4. Kadiyala, K. Rao & Karlsson, Sune, 1994. "Numerical Aspects of Bayesian VAR-modeling," Working Paper Series in Economics and Finance 12, Stockholm School of Economics.
  5. Geweke, John & Amisano, Gianni, 2008. "Comparing and evaluating Bayesian predictive distributions of assets returns," Working Paper Series 0969, European Central Bank.
  6. Peter N. Ireland, 2005. "Changes in the Federal Reserve’s Inflation Target: Causes and Consequences," Boston College Working Papers in Economics 607, Boston College Department of Economics.
  7. Todd E. Clark & Michael W. McCracken, 2010. "Testing for unconditional predictive ability," Working Papers 2010-031, Federal Reserve Bank of St. Louis.
  8. Timothy Cogley & Giorgio E. Primiceri & Thomas J. Sargent, 2010. "Inflation-Gap Persistence in the US," American Economic Journal: Macroeconomics, American Economic Association, vol. 2(1), pages 43-69, January.
  9. Mattias Villani, 2009. "Steady-state priors for vector autoregressions," Journal of Applied Econometrics, John Wiley & Sons, Ltd., vol. 24(4), pages 630-650.
  10. Cogley, Timothy W. & Morozov, Sergei & Sargent, Thomas J., 2003. "Bayesian fan charts for UK inflation: Forecasting and sources of uncertainty in an evolving monetary system," CFS Working Paper Series 2003/44, Center for Financial Studies (CFS).
  11. Anne Sofie Jore & James Mitchell & Shaun P. Vahey, 2010. "Combining forecast densities from VARs with uncertain instabilities," Journal of Applied Econometrics, John Wiley & Sons, Ltd., vol. 25(4), pages 621-634.
  12. Todd E. Clark & Michael W. McCracken, 2010. "Averaging forecasts from VARs with uncertain instabilities," Journal of Applied Econometrics, John Wiley & Sons, Ltd., vol. 25(1), pages 5-29.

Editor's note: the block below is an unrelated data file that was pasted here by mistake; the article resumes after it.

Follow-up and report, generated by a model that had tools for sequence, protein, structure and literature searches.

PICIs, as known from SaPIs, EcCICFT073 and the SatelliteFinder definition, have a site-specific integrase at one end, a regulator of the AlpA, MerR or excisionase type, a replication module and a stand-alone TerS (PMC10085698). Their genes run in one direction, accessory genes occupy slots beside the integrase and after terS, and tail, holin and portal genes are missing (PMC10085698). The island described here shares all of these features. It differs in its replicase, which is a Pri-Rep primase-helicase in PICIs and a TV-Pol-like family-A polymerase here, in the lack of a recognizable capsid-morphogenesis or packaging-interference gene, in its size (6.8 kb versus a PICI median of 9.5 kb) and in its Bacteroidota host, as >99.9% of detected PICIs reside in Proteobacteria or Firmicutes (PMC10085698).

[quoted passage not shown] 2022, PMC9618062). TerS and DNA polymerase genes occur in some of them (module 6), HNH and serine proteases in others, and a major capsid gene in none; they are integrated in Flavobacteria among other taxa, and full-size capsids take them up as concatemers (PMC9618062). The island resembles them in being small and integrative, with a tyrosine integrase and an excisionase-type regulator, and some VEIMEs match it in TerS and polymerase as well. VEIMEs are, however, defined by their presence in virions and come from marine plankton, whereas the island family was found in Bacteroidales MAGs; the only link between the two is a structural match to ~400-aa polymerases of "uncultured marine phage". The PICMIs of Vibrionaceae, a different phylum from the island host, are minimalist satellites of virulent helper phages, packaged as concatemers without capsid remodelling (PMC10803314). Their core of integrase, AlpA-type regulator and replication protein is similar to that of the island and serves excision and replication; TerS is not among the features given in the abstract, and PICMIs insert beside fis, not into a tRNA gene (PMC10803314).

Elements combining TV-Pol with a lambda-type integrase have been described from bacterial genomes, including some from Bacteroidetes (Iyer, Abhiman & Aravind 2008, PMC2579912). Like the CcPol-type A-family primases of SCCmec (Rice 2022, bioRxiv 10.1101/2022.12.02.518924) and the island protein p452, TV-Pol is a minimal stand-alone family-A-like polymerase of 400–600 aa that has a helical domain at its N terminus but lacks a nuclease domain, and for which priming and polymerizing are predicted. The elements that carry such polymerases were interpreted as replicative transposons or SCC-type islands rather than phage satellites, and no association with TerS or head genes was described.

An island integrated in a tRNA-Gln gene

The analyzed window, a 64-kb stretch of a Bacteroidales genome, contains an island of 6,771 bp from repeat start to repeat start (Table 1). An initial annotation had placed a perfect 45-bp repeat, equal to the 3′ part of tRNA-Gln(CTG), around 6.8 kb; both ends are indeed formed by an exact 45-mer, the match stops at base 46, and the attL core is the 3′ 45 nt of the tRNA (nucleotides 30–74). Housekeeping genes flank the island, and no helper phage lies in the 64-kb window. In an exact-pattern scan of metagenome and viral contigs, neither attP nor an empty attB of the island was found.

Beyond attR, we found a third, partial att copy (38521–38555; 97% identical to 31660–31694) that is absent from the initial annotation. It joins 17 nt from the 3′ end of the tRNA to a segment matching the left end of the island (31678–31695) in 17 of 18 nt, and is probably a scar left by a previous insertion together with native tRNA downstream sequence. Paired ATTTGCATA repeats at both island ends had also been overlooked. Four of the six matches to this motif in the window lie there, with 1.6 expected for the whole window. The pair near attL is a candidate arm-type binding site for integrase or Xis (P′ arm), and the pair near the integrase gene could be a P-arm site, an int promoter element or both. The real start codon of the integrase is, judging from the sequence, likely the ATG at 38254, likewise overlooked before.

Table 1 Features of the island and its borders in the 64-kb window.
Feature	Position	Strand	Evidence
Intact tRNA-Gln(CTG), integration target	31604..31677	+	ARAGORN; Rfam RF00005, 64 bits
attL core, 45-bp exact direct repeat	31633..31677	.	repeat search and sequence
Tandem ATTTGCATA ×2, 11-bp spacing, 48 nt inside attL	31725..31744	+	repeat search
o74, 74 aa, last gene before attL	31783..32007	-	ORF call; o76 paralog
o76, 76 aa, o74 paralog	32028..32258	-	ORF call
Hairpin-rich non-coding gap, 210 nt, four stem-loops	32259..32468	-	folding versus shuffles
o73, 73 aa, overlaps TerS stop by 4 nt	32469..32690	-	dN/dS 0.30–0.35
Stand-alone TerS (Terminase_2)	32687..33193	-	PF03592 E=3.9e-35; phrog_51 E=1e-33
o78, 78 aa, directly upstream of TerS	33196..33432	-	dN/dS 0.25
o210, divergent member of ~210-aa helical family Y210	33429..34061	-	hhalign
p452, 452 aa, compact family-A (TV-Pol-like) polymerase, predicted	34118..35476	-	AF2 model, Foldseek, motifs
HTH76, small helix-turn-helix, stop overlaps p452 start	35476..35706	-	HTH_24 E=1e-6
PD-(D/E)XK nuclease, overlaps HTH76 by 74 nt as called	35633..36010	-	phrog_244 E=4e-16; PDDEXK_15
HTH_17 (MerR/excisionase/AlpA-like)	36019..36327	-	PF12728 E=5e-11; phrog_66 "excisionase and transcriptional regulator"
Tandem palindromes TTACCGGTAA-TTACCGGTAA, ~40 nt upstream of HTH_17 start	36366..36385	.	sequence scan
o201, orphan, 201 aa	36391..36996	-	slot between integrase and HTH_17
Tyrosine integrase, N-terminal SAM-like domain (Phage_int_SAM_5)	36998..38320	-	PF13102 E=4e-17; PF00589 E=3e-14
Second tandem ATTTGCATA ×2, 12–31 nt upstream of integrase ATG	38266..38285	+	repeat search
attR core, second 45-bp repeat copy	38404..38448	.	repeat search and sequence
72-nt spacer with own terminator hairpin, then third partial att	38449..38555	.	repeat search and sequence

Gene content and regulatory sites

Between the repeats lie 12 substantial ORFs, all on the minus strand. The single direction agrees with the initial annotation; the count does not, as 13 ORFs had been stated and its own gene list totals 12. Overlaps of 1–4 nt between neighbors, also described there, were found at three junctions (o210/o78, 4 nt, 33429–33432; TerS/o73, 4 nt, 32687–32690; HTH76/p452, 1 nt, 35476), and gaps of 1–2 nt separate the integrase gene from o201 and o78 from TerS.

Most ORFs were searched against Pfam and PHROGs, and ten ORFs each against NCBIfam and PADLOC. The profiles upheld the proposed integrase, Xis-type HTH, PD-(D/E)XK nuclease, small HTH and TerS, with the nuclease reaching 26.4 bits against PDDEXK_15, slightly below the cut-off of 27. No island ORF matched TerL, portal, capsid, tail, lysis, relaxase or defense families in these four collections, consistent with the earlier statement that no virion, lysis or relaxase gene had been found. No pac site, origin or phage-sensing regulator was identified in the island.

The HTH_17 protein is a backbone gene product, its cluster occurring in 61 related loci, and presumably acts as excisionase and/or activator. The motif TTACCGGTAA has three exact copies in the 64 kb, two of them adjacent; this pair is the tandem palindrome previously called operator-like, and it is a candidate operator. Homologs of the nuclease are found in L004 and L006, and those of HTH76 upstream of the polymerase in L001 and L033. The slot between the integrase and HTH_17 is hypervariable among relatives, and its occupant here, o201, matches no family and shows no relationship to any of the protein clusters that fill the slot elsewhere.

13. Harvey, David & Leybourne, Stephen & Newbold, Paul, 1997. "Testing the equality of prediction mean squared errors," International Journal of Forecasting, Elsevier, vol. 13(2), pages 281-291, June.
  14. Michael T. Kiley, 2008. "Monetary policy actions and long-run inflation expectations," Finance and Economics Discussion Series 2008-03, Board of Governors of the Federal Reserve System (U.S.).
  15. Elmar Mertens, 2011. "Measuring the level and uncertainty of trend inflation," Finance and Economics Discussion Series 2011-42, Board of Governors of the Federal Reserve System (U.S.).
  16. Christian Kascha & Francesco Ravazzolo, 2010. "Combining inflation density forecasts," Journal of Forecasting, John Wiley & Sons, Ltd., vol. 29(1-2), pages 231-250.
  17. Amisano, Gianni & Giacomini, Raffaella, 2007. "Comparing Density Forecasts via Weighted Likelihood Ratio Tests," Journal of Business & Economic Statistics, American Statistical Association, vol. 25, pages 177-190, April.